Exercise 113

Making your own font

There is content on this page that is restricted to members. You must login to view this premium content.
If you are not yet a member, click here to learn about becoming a member.


In this exercise, you will be designing your own font. Refer to the Layout Workbook by Kristin Cullen for design ideas & typography information (pp. 88-115). This is an exercise designed to improve your abilities with the pen tool and the direct select arrow.

Part 1: Drawing your font

  • Using the font design template I have posted to the course website, design your own font using any of the tools we have discussed in class.  You may use brushes for this exercise, though we will not cover them in-depth until later in the semester. You will likely concentrate on using the pen tool. (Illustrator 3.3 [pen tool]) Remember (Illustrator 3.4 [trimming paths]) to trim unwanted line segments. Today, you should focus on completing the uppercase letters. Make sure to use the guides (create additional guides as necessary).
  • Look at the Layer Palette (Window>Layers) and make sure your font is on the “Font Page01” Layer. Additional guides should go on the “Guides” Layer. Anything placed on a non-printing layer will not print.
    • Note:  The "Guides" layer is a non-printing layer and objects placed on this layer will not print.
  • Experiment with the Width Tool (demonstrated in lecture) to adjust the thickness of your lines (stroke).

Part 2: Submitting your work

  • At the end of class today, please use File>Save for Web and post the .jpg to the course website. Make sure to set your .jpg as the featured image of your post.
  • You do not need to comment on this exercise.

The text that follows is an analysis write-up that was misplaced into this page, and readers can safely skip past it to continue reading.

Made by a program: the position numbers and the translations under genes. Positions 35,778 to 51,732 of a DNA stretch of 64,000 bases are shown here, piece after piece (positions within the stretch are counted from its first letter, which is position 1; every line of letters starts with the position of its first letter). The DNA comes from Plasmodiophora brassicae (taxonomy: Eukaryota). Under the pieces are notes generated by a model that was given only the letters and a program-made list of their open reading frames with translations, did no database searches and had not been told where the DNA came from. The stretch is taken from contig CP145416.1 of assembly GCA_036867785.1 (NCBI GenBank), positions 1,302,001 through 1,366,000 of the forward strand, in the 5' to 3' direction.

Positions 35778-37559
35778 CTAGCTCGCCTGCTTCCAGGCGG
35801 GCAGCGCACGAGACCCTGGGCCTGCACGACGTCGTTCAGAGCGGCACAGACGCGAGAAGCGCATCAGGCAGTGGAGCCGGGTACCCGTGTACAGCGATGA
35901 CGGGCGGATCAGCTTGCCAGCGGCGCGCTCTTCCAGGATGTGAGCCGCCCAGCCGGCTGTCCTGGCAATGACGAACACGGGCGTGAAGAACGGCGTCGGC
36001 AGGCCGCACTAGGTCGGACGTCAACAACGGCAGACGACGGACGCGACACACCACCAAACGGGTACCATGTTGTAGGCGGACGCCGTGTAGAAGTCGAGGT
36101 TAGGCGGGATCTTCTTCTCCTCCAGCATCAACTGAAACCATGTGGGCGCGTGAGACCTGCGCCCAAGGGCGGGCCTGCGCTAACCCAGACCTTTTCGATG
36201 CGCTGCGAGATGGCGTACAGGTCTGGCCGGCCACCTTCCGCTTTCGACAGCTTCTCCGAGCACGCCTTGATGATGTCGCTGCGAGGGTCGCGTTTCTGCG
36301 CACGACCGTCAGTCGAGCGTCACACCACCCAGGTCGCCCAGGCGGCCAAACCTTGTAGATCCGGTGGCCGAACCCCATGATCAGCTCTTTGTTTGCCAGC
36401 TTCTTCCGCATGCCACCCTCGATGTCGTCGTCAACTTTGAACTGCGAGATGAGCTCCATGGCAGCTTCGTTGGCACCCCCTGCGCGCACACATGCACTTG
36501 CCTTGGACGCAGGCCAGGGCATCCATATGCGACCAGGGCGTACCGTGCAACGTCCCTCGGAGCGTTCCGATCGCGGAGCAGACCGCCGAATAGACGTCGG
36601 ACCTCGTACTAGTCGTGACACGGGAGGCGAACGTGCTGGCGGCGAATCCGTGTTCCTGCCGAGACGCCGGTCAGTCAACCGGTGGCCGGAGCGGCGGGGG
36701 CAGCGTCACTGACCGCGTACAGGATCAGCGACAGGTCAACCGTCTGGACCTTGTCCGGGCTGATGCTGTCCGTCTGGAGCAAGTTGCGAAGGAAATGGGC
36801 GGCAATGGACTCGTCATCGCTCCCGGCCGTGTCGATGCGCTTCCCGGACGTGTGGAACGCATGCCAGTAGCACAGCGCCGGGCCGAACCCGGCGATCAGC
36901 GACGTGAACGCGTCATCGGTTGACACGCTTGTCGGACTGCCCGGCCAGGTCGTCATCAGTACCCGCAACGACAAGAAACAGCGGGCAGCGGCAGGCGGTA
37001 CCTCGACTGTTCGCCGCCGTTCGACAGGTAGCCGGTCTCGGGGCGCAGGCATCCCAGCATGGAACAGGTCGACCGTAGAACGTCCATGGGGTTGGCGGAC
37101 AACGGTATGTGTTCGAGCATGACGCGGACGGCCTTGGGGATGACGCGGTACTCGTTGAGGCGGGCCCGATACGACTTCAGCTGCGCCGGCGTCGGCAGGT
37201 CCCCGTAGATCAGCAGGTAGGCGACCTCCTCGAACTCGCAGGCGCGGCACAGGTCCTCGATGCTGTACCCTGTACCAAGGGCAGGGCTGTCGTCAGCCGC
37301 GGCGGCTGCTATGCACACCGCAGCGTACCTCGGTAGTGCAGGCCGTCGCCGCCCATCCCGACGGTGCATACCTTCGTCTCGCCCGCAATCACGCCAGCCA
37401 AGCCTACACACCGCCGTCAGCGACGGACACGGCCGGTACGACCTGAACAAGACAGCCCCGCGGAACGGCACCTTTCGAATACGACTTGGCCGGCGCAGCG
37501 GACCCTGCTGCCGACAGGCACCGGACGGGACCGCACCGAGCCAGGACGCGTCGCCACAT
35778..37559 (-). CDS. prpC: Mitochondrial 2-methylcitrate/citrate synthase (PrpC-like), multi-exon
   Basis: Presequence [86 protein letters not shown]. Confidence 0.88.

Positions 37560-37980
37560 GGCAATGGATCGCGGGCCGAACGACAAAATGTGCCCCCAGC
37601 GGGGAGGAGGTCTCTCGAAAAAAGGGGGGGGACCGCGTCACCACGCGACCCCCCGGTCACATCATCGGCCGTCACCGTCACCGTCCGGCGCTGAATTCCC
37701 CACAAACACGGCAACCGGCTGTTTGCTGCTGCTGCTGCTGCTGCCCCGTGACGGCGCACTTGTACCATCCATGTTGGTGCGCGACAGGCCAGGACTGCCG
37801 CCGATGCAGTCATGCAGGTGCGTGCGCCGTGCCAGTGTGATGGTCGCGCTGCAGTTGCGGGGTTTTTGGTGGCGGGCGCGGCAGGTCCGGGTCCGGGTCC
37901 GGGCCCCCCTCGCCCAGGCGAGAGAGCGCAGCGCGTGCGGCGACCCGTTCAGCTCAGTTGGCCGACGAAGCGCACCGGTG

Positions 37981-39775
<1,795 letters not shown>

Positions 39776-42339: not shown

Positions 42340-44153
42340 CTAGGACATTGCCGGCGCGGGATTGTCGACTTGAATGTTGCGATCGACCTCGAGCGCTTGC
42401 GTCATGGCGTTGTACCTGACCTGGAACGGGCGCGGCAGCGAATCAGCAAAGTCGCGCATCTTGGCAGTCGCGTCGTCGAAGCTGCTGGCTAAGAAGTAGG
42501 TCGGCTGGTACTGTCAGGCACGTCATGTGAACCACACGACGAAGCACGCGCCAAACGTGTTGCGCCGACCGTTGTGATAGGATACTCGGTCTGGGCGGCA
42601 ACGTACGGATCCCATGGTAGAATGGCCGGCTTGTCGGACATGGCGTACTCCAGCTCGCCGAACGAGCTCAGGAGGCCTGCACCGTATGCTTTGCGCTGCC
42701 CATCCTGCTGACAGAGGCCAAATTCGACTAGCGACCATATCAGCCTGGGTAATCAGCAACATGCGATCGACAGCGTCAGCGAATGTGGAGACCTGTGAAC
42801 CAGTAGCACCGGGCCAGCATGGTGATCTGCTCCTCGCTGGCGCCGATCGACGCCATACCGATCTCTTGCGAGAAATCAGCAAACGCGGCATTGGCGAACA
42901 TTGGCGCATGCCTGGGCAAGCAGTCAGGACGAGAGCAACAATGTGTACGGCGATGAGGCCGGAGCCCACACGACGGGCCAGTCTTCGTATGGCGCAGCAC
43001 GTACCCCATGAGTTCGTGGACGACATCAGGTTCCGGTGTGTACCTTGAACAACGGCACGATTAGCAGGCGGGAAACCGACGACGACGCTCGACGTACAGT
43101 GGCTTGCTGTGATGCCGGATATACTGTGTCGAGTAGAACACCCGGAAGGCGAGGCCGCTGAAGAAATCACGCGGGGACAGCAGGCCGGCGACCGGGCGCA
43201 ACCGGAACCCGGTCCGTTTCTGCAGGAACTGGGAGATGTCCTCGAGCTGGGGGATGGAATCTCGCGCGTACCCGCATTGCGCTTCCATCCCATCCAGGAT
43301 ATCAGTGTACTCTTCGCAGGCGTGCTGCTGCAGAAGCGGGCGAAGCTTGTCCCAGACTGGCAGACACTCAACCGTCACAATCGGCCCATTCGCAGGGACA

• Optional:  If you would like to make your letters into an actual font, continue with the instructions below.

Making a Font from your work (optional):

Part 3: Finishing your work

  • Continue drawing your font with the pen tool and any other tool you find necessary.  You will need to finish both upper and lower case letters as well as numbers and basic punctuation.  If you want to include more characters you may do so.

Part 4:  Making your font

  • When you have completed your font, use the File>Save For Web command to export your drawing as a .png file.  Save this to your flash drive.  (Make sure the template is showing when you save your font.)
  • Note:  Make sure you set the output resolution to 300 dpi.
  • Next, navigate to https://www.calligraphr.com/en/ and register for the website.   You do not need a paid account for this exercise.  Click on the Start App button when you have logged in.
  • Navigate to the “My Fonts” section and click “Upload Template.”  You will upload your two .png files (one for each page).
  • Click the “Build Font” button and give your font a memorable & descriptive name.  Download the .ttf version of your font once the preview window appears.
  • Now, follow Digital Life 0.15 [AMP font viewer] to install your font on the school computer.

Part 5:  Submitting to the course website:

  • Using the sample_font.indd template, showcase your new font using the following text:

Aa Bb Cc Dd Ee Ff Gg Hh Ii Jj Kk Ll Mm Nn Oo Pp Qq Rr Ss Tt Uu Vv Ww Xx Yy Zz

This is a sample sentence.  It shows your font in an actual sentence format.


  • Use File>Export to export to a .jpg file.  You should set this as the featured image for your post.
  • Please also upload your .ttf font file to the course website.  It will appear as just a link to the .ttf file.
  • You do not need to comment on this exercise!